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The Role of Biomaterials in Reducing Food Waste

Food and Beverages | Wednesday, September 14, 2022

Biomaterials are substances created to adopt a shape that, alone or as part of a complex system, is utilized to guide the course of any therapeutic or diagnostic operation in human or veterinary medicine by controlling interactions with components of biological systems.

Fremont, CA: A variety of measures are getting attempted to address the issue of food waste. Some of them are technological to generate more food with much less inputs (water and agrochemicals) and reduce food waste from farm to fork.

Precision agriculture, wherein nanotechnology and artificial intelligence (AI) paired with robots, geolocalization, smart sensors, and big data analysis, might hold the key to solving the global food security crisis, is particularly intriguing.

Biomaterials are typically defined as a substance that has been created to adopt a shape that, alone or as part of a complex system, is utilized to guide the course of any therapeutic or diagnostic operation in human or veterinary medicine by controlling interactions with components of biological systems.

Numerous research projects have already demonstrated the ability to engineer biomaterials into advanced formats, particularly those that are sustainable and have a circular life cycle, such as structural biopolymers, to benefit a wide range of agricultural and food industry practices, including seed enhancement, precision payload delivery in plants, perishable food preservation, & food spoilage detection. They present and analyze biomaterial design concepts, developing micro-/nanofabrication technologies, and the benefits and drawbacks of various delivery, protection, and sensing platforms in each part.

Seed enhancement technology

This section addresses various recent breakthroughs in modifying the seed microenvironment using biomaterials through seed priming and seed coating, as well as the use of nanotechnology and nanofabrication in seed improvement technologies (for instance, for nanofiber-based seed enhancement).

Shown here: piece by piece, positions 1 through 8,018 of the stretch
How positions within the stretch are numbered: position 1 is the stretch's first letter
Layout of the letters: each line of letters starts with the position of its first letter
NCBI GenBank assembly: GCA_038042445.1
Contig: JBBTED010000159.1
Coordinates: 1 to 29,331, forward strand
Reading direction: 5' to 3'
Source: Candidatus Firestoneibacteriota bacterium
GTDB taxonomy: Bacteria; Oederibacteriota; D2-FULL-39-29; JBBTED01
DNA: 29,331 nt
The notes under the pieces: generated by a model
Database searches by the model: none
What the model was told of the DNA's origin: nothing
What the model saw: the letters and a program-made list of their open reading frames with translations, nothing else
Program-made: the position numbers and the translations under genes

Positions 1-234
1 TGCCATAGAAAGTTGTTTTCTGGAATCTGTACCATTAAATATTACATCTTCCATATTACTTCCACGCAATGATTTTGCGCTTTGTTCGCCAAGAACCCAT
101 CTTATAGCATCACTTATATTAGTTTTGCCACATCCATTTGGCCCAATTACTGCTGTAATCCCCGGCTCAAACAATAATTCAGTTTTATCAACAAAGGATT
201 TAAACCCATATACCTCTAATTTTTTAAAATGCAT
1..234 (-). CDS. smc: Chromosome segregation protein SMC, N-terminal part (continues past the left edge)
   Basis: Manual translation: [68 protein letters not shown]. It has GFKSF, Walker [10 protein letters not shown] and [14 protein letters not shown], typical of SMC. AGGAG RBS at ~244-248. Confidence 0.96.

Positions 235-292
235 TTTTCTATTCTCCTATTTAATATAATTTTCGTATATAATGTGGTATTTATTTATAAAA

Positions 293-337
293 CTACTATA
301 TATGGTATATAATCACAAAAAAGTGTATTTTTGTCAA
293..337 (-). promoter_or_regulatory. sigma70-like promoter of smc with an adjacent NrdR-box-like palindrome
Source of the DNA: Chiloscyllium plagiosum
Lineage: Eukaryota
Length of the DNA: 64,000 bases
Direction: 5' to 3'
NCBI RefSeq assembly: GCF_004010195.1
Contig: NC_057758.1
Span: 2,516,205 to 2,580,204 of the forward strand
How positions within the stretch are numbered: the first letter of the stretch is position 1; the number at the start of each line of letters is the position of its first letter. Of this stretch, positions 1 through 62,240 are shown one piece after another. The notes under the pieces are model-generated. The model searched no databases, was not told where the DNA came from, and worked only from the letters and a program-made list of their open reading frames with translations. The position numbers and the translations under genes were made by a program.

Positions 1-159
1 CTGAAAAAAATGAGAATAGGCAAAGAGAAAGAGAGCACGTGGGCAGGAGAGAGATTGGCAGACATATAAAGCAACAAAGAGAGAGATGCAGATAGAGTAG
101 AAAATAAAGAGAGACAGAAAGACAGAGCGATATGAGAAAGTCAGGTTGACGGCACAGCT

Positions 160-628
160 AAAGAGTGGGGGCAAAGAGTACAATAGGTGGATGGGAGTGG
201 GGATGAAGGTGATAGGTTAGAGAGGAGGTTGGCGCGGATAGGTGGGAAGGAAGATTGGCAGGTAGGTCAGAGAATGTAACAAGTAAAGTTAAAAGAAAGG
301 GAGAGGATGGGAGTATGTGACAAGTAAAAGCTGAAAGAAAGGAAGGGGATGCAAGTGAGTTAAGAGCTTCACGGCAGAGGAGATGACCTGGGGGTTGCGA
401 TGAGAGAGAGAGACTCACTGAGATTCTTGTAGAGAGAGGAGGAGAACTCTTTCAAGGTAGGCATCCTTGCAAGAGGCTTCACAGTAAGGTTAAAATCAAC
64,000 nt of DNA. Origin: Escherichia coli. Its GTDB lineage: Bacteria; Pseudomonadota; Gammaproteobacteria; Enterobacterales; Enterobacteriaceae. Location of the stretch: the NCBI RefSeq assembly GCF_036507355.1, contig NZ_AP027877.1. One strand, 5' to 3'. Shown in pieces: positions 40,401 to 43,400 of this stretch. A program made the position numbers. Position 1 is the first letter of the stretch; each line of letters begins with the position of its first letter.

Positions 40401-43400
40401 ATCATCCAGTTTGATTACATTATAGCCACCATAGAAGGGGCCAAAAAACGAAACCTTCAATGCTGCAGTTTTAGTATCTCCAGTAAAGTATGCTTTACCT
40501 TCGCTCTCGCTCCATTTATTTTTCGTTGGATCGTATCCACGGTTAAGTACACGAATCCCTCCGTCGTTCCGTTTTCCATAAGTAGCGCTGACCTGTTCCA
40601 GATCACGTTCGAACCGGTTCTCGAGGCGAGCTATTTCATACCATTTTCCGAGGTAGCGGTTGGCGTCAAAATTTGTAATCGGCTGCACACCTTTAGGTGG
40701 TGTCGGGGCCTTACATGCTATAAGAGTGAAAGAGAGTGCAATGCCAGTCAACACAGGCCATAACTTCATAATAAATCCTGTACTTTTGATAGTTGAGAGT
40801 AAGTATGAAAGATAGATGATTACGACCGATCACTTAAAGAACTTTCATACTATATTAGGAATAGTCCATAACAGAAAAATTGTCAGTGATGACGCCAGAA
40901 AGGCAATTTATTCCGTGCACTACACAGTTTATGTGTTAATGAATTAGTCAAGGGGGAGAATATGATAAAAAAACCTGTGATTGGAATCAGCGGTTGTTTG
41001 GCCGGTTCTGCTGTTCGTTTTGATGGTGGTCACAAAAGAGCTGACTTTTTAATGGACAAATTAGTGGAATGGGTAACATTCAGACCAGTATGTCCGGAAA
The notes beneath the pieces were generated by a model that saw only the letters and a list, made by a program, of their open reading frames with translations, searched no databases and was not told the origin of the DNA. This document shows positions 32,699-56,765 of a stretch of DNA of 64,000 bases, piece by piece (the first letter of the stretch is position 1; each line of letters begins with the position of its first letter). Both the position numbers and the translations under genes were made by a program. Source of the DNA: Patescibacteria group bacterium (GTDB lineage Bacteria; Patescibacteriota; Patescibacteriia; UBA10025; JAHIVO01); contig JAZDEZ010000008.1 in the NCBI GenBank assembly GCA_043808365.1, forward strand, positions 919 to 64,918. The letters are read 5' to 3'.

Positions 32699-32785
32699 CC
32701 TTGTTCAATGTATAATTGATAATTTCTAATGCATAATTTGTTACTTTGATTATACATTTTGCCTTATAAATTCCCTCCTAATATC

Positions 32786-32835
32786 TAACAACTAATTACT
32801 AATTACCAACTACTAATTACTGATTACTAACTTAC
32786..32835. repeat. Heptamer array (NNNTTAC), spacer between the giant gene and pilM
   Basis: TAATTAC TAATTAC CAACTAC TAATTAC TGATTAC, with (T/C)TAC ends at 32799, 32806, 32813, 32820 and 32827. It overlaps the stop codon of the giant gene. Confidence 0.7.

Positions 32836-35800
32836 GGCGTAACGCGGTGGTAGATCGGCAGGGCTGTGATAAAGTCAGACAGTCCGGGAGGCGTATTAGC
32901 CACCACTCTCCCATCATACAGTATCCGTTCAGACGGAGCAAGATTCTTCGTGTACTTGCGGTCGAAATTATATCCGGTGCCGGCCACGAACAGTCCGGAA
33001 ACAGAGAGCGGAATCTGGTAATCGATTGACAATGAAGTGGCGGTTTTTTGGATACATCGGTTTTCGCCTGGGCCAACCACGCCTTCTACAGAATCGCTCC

Developing improved seed coverings that combine biodegradation with encapsulation, preservation, and sustained release of payloads (especially plant growth-promoting microorganisms) to the seeds and their rhizosphere achieves enhancement.

Plants receive precise multi-scale payload delivery.

Precision delivery of agrochemicals to selected plant tissues and organelles using microneedle- and nanoparticle-based platforms that meet plant demands while avoiding runoff and environmental side effects are critical in agriculture to ensure high crop yields minimizing environmental harm consequences.

Food preservation coatings that are edible.

This section deconstructs the most often used food coating components – polysaccharides, proteins, lipids, and composites – explains their benefits and drawbacks and explores their uses in diverse food systems.

The early degradation of perishable goods accounts for major food waste. For example, many fruits and vegetables have a minimal shelf life after harvest due to intense metabolic activity and significant microbial/fungal contamination. Traditional therapies such as cryopreservation, subjection to chemical fungicides, the inclusion of synthetic preservatives, changed environment packing, and osmotic treatments, among others, have proven beneficial in extending the shelf life of perishable food.

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